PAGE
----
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Foie Gras - Glossary Term

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Foie Gras  
A traditional French delicacy (translated it means "fat or fatty liver") that consists of a fattened goose or duck liver that is marinated several times before being served either baked or baked and chilled. The livers used for Foie Gras in the U.S. are typically from a Moulard duck, which is a cross between a Muscovy and a Pekin duck that dates back centuries ago to Europe, while the geese used to produce Foie Gras are a cross from species that were developed in early Egyptian times.

Ducks or geese raised to produce Foie Gras have been induced to eat greater amounts of food, particularly corn, without excessive exercise in order to naturally increase the size of their liver, which commonly becomes 3 to 4 pounds in size. When the liver is removed, it is often soaked in a solution of wine, water and milk to prepare it to be consumed. It is then marinated again in a blend of seasonings with wine (usually Armagnac, Madeira or Port wine) and baked, being careful not to let it shrink significantly while being cooked.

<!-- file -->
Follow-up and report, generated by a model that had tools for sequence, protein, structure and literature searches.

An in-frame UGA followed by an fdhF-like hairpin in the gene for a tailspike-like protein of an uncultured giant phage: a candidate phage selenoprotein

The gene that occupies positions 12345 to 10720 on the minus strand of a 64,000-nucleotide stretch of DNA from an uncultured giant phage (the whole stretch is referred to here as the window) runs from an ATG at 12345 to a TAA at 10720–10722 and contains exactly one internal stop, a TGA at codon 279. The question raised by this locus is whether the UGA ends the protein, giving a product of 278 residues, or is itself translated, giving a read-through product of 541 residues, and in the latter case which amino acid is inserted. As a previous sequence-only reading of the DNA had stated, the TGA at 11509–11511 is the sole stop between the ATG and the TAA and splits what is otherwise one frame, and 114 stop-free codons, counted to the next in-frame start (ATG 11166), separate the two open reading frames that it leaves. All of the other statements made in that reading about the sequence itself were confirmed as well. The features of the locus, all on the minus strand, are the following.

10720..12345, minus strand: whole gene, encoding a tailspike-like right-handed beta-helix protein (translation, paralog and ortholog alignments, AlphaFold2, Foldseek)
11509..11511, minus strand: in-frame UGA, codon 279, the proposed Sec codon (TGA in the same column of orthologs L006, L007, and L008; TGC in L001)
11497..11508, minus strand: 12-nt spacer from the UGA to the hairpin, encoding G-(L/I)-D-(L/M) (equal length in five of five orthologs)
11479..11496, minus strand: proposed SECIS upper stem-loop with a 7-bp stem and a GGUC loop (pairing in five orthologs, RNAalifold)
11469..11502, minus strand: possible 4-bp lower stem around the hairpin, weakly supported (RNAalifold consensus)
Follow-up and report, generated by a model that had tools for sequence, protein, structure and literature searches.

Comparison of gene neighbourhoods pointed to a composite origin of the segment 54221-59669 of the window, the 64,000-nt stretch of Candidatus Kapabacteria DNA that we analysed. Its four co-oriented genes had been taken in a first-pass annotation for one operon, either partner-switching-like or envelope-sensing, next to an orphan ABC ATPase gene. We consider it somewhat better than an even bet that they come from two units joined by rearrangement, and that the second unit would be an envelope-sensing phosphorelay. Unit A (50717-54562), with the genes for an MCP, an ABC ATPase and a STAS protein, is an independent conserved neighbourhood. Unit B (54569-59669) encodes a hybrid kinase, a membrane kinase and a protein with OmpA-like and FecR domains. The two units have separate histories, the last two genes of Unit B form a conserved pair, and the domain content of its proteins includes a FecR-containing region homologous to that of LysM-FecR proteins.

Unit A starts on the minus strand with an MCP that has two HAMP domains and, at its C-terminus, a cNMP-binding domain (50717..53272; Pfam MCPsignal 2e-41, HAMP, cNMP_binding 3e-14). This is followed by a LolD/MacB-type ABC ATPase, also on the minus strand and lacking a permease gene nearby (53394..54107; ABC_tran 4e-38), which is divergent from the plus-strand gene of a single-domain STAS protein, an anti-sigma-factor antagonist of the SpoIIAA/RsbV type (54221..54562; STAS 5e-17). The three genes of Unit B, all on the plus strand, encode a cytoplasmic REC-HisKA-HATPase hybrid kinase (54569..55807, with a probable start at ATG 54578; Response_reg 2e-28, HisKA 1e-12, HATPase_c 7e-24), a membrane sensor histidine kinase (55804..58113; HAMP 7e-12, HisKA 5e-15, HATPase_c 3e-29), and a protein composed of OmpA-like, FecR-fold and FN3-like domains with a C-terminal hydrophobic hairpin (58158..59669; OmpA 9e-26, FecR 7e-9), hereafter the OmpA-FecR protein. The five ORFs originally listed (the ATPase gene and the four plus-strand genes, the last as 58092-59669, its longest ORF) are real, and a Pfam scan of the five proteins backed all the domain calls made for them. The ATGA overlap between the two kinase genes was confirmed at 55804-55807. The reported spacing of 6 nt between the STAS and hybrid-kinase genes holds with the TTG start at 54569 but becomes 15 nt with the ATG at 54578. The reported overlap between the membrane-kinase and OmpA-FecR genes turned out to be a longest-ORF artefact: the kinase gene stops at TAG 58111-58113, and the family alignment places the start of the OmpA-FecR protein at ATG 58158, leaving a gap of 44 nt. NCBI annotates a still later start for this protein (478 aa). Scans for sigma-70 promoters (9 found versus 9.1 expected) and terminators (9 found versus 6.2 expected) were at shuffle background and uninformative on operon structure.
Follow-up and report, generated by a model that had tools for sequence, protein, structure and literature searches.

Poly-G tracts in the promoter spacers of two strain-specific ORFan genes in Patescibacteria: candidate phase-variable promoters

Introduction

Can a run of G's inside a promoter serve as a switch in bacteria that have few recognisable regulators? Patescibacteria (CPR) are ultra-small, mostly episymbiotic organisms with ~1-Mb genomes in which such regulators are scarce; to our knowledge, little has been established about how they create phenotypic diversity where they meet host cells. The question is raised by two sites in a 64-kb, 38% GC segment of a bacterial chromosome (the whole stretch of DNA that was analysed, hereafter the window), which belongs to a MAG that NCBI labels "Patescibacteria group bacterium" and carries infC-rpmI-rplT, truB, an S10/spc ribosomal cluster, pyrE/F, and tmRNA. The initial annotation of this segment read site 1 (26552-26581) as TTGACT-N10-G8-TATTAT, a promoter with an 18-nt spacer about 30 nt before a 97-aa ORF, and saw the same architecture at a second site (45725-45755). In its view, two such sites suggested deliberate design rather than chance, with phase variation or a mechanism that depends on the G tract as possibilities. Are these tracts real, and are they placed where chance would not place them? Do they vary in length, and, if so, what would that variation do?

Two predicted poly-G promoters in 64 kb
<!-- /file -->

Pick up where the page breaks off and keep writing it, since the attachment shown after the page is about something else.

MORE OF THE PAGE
Foie Gras of goose (Foie Gras d'Oie) is considered to be slightly smoother in texture and richer but more delicate flavored than Foie Gras of duck (Foie Gras de Canard) due to the greater fat content. However, duck Foie Gras provides a more fragrant aroma while tasting slightly stronger, but still rich and buttery. Wine jelly is often served as a condiment with Foie Gras, since it offers a complementing flavor. Suggested wines with Foie Gras when it is served cold include sweet white Sauterns or Reislings. For the heartier flavored Foie Gras when prepared warm, serve a Merlot or a Cabernet wine.